Apple shipped 1.3 million fewer iPhones to Europe in the second quarter, analysis of the smartphone market has revealed, a fall of 17% year-on-year, meanwhile Android-based rivals Xiaomi and Samsung are seeing considerable shipment growth over the same period.
Apple's share of the global smartphone market fell year-over-year in the June quarter from 11.3% to 10.1%, attributable by a research firm mostly because of better performance by Chinese vendors and Korea's Samsung.
Apple's Memoji concept has been 'borrowed' by another smartphone vendor, but Xiaomi's take on it is a seemingly direct copy of the iPhone's personalized 3D avatar feature, complete with the extremely similar name 'Mimoji.'
Xiaomi took the unusual step of reporting its smartphone shipments for the March quarter, which it issued in response to phone shipment data it said was "inaccurate and unfair, and deviates from our actual performance in terms of shipment of smartphones." Apple neither reported iPhone units nor took issue with IDC's data, despite its shipments clearly being undercounted by a margin more than twice as large.
The global smartphone market is "effectively in a recession," Strategy Analytics claims, with the firm's estimates suggesting Apple is holding its own in a declining marketplace despite showing minimal growth in its latest results.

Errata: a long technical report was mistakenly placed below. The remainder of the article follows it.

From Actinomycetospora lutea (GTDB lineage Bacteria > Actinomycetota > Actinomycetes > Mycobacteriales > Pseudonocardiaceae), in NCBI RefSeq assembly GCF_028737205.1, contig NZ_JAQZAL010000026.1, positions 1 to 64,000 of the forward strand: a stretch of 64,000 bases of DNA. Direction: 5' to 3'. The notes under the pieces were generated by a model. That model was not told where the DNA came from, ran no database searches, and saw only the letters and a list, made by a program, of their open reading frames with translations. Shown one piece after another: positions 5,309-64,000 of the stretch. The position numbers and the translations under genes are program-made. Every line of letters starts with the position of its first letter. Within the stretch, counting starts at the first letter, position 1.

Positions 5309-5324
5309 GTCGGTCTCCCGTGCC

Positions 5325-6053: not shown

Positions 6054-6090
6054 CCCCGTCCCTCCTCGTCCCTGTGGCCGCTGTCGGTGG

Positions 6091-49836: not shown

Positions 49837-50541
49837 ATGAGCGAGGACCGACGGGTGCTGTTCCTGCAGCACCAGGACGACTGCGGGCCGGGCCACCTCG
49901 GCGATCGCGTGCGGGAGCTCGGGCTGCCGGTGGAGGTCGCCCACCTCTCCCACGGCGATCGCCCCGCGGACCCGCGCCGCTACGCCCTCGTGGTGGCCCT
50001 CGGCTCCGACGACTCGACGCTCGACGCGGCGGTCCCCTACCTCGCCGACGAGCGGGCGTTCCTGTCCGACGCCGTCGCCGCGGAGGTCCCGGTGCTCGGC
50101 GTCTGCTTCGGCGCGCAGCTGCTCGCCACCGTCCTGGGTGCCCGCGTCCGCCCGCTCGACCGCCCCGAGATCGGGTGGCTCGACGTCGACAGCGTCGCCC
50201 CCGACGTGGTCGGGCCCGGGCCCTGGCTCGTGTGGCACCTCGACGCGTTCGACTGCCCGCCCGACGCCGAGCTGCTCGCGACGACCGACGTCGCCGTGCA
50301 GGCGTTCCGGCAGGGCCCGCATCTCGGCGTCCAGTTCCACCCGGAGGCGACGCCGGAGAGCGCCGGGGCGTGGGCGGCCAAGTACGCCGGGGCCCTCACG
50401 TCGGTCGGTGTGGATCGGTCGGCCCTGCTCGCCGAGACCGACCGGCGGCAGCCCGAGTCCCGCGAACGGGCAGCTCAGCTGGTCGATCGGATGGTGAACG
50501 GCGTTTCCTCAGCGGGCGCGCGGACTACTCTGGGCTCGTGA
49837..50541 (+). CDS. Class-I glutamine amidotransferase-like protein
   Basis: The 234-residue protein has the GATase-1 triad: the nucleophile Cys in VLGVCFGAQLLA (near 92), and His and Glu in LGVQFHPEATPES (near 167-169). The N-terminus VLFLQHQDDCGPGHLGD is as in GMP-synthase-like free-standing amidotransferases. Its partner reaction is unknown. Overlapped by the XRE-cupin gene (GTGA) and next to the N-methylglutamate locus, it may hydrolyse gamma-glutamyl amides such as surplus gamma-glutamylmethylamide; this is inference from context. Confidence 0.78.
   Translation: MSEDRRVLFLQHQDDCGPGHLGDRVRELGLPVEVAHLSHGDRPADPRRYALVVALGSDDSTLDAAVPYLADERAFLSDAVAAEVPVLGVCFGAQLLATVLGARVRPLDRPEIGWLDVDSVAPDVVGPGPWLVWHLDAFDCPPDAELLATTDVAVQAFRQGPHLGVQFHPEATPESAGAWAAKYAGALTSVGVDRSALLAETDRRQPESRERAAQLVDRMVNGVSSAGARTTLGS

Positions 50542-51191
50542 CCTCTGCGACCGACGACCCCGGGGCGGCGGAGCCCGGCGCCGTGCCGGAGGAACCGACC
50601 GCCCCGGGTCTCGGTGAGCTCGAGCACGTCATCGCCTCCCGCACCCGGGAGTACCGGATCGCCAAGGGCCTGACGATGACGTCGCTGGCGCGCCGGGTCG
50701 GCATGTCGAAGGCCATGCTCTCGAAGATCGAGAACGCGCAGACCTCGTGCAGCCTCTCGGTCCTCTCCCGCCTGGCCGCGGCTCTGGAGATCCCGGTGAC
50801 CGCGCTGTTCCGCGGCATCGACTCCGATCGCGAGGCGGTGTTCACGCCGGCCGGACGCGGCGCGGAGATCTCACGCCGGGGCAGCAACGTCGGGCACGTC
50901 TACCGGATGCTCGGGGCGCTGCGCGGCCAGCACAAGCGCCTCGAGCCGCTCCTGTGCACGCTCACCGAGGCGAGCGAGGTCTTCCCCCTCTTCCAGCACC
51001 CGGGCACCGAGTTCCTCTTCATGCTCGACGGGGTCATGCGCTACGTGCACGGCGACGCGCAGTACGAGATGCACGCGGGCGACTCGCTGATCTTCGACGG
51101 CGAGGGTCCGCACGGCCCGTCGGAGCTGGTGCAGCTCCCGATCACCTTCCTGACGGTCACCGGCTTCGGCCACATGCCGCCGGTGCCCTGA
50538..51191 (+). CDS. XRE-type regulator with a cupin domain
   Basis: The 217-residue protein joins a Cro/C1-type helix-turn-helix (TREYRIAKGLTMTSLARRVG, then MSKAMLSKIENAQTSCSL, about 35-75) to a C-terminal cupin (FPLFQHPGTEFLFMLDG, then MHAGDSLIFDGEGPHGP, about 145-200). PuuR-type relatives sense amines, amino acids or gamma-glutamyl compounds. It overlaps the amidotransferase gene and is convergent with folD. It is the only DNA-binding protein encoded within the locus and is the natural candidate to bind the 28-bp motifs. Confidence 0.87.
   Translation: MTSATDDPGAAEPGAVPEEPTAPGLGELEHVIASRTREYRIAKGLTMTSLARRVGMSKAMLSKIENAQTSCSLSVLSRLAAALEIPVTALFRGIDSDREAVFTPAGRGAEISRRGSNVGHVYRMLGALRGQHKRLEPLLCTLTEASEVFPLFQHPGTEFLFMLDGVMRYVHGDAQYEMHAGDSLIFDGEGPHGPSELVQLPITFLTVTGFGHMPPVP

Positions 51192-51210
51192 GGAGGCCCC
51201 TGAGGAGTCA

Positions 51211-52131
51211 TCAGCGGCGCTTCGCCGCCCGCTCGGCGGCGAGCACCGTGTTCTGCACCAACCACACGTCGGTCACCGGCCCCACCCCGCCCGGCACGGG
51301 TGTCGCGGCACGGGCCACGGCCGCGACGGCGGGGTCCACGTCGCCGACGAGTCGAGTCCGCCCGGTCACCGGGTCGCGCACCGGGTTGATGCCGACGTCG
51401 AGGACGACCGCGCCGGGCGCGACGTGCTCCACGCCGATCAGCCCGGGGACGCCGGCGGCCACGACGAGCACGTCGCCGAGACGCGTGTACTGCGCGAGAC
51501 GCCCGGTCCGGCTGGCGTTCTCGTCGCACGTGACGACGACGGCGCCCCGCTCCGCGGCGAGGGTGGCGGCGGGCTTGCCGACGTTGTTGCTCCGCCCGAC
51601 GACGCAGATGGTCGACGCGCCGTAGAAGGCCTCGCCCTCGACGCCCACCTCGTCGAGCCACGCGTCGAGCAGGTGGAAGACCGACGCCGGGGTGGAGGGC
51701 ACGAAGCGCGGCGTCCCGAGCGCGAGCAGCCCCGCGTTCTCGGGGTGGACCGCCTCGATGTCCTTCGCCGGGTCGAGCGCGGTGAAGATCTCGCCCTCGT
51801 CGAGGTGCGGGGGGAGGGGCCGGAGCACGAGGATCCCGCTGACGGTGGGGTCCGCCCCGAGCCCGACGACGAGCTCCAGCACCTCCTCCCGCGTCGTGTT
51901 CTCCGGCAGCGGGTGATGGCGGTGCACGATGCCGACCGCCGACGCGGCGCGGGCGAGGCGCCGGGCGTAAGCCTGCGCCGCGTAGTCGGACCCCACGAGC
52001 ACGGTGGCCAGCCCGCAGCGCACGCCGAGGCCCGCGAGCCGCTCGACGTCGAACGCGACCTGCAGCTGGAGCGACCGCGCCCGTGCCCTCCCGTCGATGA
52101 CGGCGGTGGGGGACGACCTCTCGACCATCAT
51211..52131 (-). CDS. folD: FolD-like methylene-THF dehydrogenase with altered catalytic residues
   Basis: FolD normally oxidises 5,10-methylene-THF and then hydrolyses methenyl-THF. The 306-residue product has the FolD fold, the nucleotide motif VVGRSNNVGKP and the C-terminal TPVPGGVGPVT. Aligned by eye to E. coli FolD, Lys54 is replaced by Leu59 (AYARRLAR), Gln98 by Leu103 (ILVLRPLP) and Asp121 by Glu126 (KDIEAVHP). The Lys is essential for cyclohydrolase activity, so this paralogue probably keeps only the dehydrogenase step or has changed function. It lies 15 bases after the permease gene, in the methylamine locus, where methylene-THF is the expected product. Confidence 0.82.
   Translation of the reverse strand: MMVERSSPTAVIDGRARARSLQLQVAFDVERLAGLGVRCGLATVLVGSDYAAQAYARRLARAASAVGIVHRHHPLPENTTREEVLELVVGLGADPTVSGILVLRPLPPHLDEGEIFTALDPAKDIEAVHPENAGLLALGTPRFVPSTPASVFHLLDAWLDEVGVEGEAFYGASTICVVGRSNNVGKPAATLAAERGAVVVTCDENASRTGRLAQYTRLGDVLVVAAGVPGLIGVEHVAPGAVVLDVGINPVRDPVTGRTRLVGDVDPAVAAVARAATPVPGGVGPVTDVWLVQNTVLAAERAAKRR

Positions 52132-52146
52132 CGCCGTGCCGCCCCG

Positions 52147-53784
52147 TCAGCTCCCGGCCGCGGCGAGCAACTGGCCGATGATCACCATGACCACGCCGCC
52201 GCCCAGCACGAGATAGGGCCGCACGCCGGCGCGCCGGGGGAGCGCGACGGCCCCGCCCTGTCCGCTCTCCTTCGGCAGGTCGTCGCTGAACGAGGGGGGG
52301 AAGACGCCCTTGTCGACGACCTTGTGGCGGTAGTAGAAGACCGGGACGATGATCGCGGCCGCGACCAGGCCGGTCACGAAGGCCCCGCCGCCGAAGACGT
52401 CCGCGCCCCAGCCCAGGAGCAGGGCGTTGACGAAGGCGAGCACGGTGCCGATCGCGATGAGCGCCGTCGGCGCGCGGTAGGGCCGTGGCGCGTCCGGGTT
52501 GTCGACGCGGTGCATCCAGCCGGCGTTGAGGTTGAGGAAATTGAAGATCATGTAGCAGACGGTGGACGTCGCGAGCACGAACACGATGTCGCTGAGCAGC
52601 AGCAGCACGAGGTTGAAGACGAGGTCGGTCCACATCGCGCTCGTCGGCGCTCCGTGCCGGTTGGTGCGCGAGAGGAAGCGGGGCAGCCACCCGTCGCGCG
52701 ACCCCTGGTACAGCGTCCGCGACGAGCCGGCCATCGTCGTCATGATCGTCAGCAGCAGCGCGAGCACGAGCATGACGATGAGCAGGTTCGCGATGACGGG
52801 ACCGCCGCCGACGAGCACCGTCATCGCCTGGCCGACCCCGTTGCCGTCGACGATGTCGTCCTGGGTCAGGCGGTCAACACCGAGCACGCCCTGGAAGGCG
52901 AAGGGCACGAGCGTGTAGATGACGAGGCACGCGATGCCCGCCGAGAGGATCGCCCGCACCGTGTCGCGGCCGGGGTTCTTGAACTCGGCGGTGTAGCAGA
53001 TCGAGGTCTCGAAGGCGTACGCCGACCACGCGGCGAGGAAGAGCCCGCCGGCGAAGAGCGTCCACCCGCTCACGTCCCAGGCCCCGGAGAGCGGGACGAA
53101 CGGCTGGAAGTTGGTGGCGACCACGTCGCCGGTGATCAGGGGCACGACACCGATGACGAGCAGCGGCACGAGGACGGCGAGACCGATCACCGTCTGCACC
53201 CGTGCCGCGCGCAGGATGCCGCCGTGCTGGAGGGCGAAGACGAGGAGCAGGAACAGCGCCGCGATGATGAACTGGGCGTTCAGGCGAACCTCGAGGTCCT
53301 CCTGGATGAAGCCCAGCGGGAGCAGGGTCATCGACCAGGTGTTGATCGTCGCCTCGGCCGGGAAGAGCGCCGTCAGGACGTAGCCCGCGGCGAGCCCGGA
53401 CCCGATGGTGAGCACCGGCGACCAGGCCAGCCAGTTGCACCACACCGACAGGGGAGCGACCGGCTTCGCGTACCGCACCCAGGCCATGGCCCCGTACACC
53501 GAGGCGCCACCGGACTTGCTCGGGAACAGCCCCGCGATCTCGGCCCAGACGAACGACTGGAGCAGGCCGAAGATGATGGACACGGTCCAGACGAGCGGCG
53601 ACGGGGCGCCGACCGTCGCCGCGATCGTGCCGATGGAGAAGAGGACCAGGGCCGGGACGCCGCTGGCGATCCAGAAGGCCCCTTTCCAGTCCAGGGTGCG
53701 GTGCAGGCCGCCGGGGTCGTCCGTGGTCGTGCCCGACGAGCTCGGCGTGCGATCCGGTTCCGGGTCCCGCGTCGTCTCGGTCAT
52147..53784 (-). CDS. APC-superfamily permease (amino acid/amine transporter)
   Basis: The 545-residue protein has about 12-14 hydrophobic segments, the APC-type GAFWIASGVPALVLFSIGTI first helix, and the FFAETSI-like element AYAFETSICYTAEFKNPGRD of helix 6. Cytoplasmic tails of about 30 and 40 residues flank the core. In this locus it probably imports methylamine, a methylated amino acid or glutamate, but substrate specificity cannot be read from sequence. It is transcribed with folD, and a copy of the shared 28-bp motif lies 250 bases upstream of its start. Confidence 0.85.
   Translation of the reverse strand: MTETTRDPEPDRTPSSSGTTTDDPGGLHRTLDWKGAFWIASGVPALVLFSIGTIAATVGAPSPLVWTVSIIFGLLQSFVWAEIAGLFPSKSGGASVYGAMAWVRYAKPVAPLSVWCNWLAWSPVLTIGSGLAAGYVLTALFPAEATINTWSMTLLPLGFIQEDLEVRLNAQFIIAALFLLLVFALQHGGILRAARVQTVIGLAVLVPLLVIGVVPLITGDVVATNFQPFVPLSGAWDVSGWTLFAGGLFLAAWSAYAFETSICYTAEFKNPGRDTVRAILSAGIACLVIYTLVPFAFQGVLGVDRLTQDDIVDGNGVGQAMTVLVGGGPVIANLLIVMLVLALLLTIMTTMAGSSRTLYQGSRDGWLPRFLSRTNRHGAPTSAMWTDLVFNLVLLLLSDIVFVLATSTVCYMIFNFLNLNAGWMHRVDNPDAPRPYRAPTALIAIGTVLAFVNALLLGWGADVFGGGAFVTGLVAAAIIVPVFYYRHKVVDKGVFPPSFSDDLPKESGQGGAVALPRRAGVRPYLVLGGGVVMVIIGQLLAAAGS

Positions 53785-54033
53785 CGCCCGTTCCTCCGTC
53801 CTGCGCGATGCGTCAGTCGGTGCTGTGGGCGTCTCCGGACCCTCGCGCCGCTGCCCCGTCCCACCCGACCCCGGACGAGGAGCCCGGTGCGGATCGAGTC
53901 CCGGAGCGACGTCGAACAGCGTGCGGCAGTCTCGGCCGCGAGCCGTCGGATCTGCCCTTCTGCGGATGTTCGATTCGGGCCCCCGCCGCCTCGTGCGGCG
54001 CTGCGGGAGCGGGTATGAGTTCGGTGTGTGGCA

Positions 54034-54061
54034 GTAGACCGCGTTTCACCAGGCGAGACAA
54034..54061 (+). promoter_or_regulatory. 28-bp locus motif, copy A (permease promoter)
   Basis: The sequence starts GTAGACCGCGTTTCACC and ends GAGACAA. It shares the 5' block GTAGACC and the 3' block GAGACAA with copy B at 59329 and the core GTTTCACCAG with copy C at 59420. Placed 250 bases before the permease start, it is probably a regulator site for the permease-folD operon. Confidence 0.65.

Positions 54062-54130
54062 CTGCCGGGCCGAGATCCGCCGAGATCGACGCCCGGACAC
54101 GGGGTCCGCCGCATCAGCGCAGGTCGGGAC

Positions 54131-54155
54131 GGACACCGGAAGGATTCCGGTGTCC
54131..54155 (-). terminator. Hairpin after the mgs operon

Smartphone shipments in China are continuing to drop year-over-year. Not only is Apple holding on to estimated sales volume in the country, but the iPhone X and iPhone 8 Plus are both on the list of top five smartphones sold in the country.
It's not news that Apple is grabbing all the profits in the smartphone industry. But new data shows that Apple's most expensive new iPhone flagships are accomplishing this largely on their own, indicating that analyst chatter about smartphone users really wanting cheaper devices is totally delusional.
Xiaomi is aiming to enter the U.S. smartphone market by the end of 2018, or early 2019 at the latest, the Chinese company's chairman said on Monday, speaking on the sidelines of China's yearly legislative session in Beijing.
Some 8 million Apple Watches may have been sold in the December quarter, allowing Apple to beat out the likes of Fitbit for wearables dominance not just then but during the whole of 2017, according to research published on Thursday.
Last year, Samsung's exploding Galaxy Note 7 created a catastrophically distracting meltdown for the company that enabled Apple to surpass it in total unit sales of smartphones during the winter quarter. This year, Apple has again surpassed sales of all Samsung smartphones in the quarter, except this time it's by virtue of trend-bucking new demand for the innovative, revolutionary iPhone X—without much apparent regard for its price.